It is a story that frequently unfolds in the lives of Utah parents. Mother and father are married, have children, the couple separates, and finally divorce. Parenting by each is provided by the decree, and then the parent with primary residential custody decides to relocate. The other parent sees his or her relationship with the children and parenting rights at risk. The recent decision of Taylor v. Elisonby the Utah Court of Appeals is instructive on the road map for courts to decide whether to allow the relocation.
In Taylor, the divorce decree was entered into by agreement by both the mother and father, with primary custody to the mother, and both mother and father sharing legal custody. The decree, however, included a relocation provision that provided for an automatic transfer of physical custody of the children to the father should the mother move anywhere outside of Utah, except for Las Vegas. Four years later, the mother relocated to Arizona and the mother petitioned the court to modify the decree; the father responded by requesting the court to enforce the relocation provision of the original decree.
The Court of Appeals recognized that, generally, under Utah law, before even deciding the question of modifying a decree, the trial court must first determine whether there has been a substantial and material change in the circumstances upon which the custody was first awarded. Only if there has been such a material change does the court proceed to determine whether the modification is in the best interest of the child. The trial court, in this case applied such a test, and since the original decree entered by agreement of the parties anticipated a potential relocation, the court found that there was no material change in circumstances and the court proceeded to transfer physical custody of the children to the father.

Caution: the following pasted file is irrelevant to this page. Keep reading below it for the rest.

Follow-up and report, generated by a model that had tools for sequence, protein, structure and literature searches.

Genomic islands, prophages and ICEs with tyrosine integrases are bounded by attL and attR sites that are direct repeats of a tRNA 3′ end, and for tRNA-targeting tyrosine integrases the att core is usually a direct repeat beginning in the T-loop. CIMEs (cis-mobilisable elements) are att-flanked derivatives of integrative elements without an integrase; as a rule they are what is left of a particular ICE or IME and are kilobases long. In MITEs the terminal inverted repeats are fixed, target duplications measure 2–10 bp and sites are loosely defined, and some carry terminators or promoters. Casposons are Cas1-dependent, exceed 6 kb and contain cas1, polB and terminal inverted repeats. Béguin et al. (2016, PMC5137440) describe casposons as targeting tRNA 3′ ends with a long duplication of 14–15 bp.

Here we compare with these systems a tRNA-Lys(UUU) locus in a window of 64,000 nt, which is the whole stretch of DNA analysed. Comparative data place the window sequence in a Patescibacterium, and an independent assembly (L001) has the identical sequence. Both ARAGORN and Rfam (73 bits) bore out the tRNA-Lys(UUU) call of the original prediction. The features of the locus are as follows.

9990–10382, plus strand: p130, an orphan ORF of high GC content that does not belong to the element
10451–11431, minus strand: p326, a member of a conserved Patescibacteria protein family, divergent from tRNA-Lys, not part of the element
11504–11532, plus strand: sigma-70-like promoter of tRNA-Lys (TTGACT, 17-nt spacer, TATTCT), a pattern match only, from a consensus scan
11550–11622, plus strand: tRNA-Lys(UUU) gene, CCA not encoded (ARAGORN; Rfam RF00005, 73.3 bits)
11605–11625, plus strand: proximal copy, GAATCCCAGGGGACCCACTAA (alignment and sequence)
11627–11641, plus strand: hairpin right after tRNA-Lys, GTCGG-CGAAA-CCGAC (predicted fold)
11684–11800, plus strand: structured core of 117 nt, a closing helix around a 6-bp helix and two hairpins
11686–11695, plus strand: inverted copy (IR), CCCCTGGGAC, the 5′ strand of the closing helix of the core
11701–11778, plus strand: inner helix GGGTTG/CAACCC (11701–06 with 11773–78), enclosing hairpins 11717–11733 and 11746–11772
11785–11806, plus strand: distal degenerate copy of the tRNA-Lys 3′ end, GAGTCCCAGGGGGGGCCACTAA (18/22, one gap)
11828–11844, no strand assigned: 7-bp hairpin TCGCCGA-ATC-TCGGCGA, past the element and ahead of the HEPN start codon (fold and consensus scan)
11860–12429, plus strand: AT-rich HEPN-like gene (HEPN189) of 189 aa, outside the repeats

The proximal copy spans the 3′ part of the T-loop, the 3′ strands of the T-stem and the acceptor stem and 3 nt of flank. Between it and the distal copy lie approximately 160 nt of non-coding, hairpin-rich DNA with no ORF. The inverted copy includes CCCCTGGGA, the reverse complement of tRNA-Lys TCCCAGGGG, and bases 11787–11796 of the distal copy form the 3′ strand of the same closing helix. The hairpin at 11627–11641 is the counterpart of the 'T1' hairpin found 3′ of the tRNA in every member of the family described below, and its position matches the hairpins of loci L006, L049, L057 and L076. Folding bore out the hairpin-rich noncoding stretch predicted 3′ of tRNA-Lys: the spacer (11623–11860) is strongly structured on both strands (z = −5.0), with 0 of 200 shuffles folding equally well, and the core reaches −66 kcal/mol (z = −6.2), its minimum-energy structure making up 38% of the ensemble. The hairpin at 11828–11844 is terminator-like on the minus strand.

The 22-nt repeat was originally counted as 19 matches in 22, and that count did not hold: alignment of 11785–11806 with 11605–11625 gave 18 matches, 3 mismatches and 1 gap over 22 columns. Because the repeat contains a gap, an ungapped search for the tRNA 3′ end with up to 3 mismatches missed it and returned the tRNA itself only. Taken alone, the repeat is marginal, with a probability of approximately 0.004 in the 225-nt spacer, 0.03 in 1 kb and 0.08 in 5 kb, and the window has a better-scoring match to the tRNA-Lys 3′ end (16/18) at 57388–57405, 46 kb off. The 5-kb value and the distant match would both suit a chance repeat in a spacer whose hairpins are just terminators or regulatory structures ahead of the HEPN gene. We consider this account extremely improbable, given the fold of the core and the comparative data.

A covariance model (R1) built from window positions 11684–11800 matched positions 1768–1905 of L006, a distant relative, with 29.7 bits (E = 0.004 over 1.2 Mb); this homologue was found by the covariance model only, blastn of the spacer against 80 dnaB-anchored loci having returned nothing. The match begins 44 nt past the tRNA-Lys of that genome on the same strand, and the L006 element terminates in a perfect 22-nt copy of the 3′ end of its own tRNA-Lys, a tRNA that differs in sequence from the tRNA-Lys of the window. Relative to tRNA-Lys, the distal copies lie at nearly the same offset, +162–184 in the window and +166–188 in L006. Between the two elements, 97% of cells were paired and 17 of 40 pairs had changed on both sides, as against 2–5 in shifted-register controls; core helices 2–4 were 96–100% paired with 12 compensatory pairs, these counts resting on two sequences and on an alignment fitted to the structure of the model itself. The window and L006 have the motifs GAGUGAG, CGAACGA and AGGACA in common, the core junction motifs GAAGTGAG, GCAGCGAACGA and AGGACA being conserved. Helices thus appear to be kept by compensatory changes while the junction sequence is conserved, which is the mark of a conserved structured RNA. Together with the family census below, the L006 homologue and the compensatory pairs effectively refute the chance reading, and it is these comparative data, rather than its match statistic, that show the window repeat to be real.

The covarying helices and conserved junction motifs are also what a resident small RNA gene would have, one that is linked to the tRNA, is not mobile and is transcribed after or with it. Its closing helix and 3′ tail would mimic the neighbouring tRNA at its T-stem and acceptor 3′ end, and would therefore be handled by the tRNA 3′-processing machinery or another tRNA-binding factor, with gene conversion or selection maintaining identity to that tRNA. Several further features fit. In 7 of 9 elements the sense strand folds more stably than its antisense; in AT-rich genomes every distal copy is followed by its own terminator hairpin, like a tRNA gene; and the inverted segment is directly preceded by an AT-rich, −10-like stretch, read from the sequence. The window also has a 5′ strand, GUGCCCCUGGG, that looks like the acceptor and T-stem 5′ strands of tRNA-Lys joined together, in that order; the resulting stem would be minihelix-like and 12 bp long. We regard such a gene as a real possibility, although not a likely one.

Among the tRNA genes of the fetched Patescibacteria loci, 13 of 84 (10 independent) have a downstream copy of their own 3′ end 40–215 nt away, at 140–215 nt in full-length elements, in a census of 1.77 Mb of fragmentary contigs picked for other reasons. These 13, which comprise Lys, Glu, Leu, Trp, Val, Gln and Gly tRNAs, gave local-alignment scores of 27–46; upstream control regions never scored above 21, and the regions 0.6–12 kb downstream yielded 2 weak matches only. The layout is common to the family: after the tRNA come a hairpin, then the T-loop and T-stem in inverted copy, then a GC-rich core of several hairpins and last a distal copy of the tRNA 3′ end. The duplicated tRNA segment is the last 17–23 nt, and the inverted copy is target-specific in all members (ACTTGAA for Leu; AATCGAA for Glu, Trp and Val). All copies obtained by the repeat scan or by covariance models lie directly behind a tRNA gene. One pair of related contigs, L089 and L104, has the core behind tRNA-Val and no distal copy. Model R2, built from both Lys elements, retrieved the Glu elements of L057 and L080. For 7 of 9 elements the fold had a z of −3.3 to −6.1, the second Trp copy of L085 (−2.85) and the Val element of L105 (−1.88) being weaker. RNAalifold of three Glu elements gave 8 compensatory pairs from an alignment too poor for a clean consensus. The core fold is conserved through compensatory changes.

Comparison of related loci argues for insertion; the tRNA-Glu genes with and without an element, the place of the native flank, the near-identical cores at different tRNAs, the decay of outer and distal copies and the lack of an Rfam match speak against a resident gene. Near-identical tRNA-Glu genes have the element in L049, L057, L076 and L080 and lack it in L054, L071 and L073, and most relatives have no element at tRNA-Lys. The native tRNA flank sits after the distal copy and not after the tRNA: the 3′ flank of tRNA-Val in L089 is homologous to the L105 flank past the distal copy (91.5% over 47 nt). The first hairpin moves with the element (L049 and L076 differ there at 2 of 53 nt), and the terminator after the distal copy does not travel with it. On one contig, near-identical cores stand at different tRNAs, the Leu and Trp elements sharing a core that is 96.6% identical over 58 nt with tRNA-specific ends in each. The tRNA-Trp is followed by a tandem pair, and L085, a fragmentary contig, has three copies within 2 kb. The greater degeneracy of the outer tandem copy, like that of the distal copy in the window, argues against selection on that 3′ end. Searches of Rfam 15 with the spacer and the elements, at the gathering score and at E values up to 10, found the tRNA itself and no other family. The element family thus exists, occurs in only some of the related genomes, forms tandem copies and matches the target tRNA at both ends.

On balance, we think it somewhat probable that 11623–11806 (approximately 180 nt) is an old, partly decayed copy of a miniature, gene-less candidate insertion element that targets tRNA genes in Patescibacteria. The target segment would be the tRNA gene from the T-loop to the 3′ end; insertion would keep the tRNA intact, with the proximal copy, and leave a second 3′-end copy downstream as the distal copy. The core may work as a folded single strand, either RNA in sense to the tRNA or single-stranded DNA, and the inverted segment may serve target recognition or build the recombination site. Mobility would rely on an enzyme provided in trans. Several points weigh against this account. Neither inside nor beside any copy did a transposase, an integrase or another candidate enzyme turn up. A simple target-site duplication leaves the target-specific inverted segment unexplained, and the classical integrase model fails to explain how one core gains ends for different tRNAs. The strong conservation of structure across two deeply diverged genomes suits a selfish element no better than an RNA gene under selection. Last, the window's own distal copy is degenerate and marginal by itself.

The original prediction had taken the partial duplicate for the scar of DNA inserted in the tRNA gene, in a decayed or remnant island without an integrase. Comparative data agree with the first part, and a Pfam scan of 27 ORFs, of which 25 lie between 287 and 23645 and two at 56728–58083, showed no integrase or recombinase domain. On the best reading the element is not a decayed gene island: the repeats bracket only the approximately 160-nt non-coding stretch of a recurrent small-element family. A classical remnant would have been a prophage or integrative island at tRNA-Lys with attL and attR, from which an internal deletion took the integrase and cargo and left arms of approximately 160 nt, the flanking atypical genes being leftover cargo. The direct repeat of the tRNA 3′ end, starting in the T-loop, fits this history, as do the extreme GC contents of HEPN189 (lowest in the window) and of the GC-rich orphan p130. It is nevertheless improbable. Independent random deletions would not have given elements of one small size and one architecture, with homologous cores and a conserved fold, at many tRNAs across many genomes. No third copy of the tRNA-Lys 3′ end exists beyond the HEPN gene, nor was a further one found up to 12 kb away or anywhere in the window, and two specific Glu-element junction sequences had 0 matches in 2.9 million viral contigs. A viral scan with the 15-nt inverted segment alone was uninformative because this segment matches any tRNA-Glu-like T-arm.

The Court of Appeals reversed the trial court’s decision. While the requirement that a trial court finds a change in circumstances before a custody order is modified serves important public policies, the rule must not be so inflexible so as to foreclose an examination of what is in the best interests of the child. The court recognized that not all initial decrees actually determine what is in the best interest of the child, particularly when the decree is stipulated or agreed to by the parties. Such a decree is not based on an objective, impartial determination of the best interests of the child and may, in fact be at odds with the best interests of the child. Thus, the rules on change in custody should not be so fixed that this fundamental principle is not followed.
Every relocation case will have a unique set of facts and having an experienced Utah family law attorney is vital to advocate for either a parent seeking to relocate or a parent opposing that move.